The ending itself is a surprise and a risk, but, for me, totally satisfying. It leaves me realizing that I lost myself in the book, but once I was done, I couldn’t help meditating on this culture of toxic masculinity that we’re living in. I feel like I learned something about what a woman has to navigate, about where she finds support and where there is none, and about the institutions that protect and nurture bad behavior by men. I feel a little more ready to more ready to have a conversation that’s deeper than two sides shouting at each other across a battlefield.

 

 

Book Sale!

Indie Crime Crawl copyMy publisher and a few other indie crime publishers are holding a 25% off sale this week, which means that, until Sunday (July 21, 2019), you can get a new copy of Dead Extra directly from my publisher for $12 and free shipping. Here’s the link.

I know you can get a copy on Amazon for $11, and if you buy on Amazon, I appreciate your support. But Amazon really is a horrible company. They brutalize their employees and use predatory and illegal tactics to perpetuate monopoly capitalism. Don’t get me wrong, I’d rather you buy Dead Extra on Amazon than not buy my book at all. Still, you have a chance to buy it for a buck more from my publisher, who–unlike Amazon–let’s her employees take bathroom breaks and who–unlike Amazon–is nurturing the publishing industry instead of using it as a loss leader in an attempt toward global domination. Why not take that chance?

Good Fun

Sean Carswell Vermin 2004

Your author at the Mountain Bar, Los Angeles, circa 2004.

I love to do readings. Before I talk about that too much, I should get this plug out of the way: I have a reading coming up at the Barnes & Noble in Ventura on Sunday, June 23 at 1:00 PM. Click this link for more info.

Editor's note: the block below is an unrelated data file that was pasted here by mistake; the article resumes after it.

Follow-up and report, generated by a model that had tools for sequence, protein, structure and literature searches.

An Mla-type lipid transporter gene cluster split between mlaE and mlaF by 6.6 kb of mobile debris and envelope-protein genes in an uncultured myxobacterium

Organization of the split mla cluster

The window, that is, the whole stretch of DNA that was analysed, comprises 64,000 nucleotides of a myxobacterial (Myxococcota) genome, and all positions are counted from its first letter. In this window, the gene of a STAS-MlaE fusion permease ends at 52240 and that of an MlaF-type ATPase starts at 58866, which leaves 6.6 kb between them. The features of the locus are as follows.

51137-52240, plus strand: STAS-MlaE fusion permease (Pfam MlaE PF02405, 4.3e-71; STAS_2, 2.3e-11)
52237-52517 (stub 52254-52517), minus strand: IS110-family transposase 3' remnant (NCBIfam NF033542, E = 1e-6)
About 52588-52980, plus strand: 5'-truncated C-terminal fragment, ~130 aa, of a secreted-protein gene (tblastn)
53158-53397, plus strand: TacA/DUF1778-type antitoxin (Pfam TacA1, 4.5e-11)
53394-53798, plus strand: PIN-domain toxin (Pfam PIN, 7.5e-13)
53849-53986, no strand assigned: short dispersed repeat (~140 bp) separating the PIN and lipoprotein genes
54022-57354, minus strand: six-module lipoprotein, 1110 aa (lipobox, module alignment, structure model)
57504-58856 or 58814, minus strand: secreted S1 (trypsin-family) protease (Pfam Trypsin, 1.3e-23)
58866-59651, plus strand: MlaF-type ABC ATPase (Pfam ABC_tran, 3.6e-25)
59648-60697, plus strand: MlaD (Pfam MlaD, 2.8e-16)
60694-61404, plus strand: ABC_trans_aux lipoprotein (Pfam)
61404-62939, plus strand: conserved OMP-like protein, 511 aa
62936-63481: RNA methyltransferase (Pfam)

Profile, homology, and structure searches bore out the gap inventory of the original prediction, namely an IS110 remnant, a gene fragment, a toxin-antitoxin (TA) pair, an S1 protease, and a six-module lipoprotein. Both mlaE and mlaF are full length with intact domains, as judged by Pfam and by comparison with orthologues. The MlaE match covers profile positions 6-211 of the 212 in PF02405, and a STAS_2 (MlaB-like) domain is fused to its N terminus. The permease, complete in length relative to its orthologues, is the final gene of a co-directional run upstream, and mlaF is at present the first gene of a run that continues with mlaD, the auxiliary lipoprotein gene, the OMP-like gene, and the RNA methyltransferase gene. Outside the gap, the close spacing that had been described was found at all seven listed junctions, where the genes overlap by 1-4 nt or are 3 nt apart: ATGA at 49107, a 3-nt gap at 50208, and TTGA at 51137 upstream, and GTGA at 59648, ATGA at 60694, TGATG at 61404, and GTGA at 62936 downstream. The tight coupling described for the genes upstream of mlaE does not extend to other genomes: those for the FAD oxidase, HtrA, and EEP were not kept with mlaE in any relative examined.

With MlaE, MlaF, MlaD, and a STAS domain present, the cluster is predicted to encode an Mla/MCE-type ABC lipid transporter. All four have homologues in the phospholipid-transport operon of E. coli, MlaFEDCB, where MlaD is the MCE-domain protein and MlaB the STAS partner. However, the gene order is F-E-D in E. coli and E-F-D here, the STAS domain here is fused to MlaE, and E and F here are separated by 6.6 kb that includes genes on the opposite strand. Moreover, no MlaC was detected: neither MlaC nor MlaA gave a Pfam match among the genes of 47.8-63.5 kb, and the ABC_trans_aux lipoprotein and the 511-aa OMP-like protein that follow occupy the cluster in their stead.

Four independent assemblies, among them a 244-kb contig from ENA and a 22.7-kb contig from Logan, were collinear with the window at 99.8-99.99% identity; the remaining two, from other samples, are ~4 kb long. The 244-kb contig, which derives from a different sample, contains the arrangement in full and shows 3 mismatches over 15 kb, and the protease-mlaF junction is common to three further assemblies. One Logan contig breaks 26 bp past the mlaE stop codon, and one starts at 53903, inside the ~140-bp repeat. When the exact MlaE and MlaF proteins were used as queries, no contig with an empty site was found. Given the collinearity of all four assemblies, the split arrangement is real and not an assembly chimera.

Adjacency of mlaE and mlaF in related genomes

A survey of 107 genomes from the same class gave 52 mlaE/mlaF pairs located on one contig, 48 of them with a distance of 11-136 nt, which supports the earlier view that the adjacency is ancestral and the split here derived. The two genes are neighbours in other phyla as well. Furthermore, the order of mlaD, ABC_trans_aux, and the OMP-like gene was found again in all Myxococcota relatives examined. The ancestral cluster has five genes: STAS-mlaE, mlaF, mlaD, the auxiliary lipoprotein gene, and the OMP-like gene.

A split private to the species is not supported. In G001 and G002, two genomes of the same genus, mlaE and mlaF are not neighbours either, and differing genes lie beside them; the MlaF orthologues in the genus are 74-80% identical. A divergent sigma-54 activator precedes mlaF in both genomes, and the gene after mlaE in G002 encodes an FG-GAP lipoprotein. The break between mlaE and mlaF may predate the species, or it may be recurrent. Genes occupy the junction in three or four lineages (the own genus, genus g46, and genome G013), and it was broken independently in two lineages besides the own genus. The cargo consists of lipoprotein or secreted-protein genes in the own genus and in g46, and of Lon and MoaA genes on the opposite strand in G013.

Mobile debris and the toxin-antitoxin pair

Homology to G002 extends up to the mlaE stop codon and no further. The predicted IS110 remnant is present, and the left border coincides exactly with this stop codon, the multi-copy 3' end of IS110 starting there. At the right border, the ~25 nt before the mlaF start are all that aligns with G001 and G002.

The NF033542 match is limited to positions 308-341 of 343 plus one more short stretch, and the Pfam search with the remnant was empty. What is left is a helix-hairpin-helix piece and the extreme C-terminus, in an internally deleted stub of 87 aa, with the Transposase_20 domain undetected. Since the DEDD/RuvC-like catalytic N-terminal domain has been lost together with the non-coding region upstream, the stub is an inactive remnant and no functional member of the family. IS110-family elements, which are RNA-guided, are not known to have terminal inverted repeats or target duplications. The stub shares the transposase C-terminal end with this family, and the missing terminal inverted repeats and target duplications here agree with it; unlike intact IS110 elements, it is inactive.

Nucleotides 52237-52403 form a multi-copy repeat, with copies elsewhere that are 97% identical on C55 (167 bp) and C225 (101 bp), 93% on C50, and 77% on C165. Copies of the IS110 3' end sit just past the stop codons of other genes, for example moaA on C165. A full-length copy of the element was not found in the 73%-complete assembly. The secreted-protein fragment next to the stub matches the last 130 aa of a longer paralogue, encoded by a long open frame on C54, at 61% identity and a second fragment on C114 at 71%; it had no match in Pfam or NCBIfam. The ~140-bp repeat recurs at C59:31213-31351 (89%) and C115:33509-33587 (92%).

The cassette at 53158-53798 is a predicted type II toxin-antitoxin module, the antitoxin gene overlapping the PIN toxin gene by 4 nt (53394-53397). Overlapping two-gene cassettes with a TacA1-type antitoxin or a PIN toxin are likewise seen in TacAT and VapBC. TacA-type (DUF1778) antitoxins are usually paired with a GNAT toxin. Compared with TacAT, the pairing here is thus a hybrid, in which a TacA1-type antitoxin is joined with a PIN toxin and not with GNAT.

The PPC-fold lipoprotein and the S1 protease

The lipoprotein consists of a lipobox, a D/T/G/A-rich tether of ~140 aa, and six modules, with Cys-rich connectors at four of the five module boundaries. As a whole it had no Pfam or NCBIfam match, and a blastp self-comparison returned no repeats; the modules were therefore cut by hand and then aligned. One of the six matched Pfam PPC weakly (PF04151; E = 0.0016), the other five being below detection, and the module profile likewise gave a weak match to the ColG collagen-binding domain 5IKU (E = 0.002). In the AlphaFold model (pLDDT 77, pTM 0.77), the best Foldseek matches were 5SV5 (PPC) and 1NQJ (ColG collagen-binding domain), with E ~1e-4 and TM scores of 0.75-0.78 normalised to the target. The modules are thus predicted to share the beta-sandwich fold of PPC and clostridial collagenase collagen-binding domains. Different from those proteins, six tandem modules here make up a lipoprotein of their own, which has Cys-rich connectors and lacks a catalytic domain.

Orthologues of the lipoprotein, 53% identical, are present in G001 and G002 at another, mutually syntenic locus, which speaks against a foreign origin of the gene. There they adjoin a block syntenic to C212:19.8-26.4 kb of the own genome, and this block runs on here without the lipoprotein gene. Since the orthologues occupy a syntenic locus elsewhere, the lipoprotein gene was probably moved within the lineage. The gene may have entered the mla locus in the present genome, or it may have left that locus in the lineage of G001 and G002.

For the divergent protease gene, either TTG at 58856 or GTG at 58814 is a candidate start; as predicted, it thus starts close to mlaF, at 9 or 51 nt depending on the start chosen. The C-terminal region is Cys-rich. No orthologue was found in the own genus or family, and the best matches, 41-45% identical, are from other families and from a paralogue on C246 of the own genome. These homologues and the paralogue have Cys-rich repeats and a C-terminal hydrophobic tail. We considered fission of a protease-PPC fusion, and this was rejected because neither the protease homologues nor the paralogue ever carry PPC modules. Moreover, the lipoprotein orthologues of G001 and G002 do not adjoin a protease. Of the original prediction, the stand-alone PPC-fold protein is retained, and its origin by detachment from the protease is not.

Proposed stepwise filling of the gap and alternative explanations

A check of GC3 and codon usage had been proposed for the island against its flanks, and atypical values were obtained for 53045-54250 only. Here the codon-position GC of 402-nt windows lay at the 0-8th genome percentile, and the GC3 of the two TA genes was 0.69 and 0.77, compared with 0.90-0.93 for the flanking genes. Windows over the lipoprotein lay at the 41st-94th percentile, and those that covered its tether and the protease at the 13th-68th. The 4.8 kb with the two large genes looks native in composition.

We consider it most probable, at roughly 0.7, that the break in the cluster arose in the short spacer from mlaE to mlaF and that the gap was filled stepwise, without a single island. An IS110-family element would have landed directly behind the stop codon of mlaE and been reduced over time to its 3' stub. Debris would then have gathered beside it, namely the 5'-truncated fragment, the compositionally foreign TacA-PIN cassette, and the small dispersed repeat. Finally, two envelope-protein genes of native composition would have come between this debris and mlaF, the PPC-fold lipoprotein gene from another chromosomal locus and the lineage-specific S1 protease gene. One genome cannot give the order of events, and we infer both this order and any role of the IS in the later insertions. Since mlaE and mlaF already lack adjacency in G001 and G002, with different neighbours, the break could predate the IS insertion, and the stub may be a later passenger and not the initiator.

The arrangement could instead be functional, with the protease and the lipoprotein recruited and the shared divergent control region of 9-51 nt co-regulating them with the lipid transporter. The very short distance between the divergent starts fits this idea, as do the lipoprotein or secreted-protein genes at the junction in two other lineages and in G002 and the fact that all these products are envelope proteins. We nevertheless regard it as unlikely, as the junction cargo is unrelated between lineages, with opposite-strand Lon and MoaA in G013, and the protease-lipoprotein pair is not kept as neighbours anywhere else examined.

Now, I know most authors hate to do them. A lot of times, authors grudgingly plow through their passages at readings, apparently encountering their words for the first time, barely paying attention to their audience, and generally bumming out everyone. They usually go on way longer than they should even if they’re entertaining. I saw a lot of these readings when I was a young writer (and I still see some, occasionally). I never wanted to be like that.

But also, the nature of how I came up as a writer never allowed me to do that. I started my readings in all punk rock contexts: between bands at shows, in anarchist bookstores, in squats, in bars, and generally in places where the crowd didn’t feel the need to be polite. If you didn’t amuse them, there were consequences.

My first books were on a punk press. I sold them by touring with other zine writers. We’d set up shows anywhere we could. From 1999-2008, I did something like 250 readings in 50-60 cities with dozens of other authors. We learned pretty quickly how to choose the right things to read, how to grab an audience, how to get a laugh, how to embody a story, and basically how to do all those things you need to do to avoid getting heckled. It was a great education. All those audience members willing to give me a chance, to react positively at the good stuff and negatively at the bad stuff, shaped me as a writer.

With this new book, I’ve been doing all the things that authors do these days. I’ve done a few in-conversations, some panel discussions, that kind of thing. But I haven’t had to chance to give an old-school reading. So, for my upcoming event at Barnes & Noble, I begged them to let me do just that. I’m looking forward to it.

However, since I made the big stink about having them let me read, I’m going to need an audience. If you’re in Ventura, please come out. It’s a Sunday afternoon. You’re not busy. You’re not doing anything else. You’ll have a good time. And, if I don’t bring my A game, you’re welcome to heckle, boo, throw beer at me, start a barroom brawl, and all those other things that have happened at other readings I’ve done.

Noir at the Last Bookstore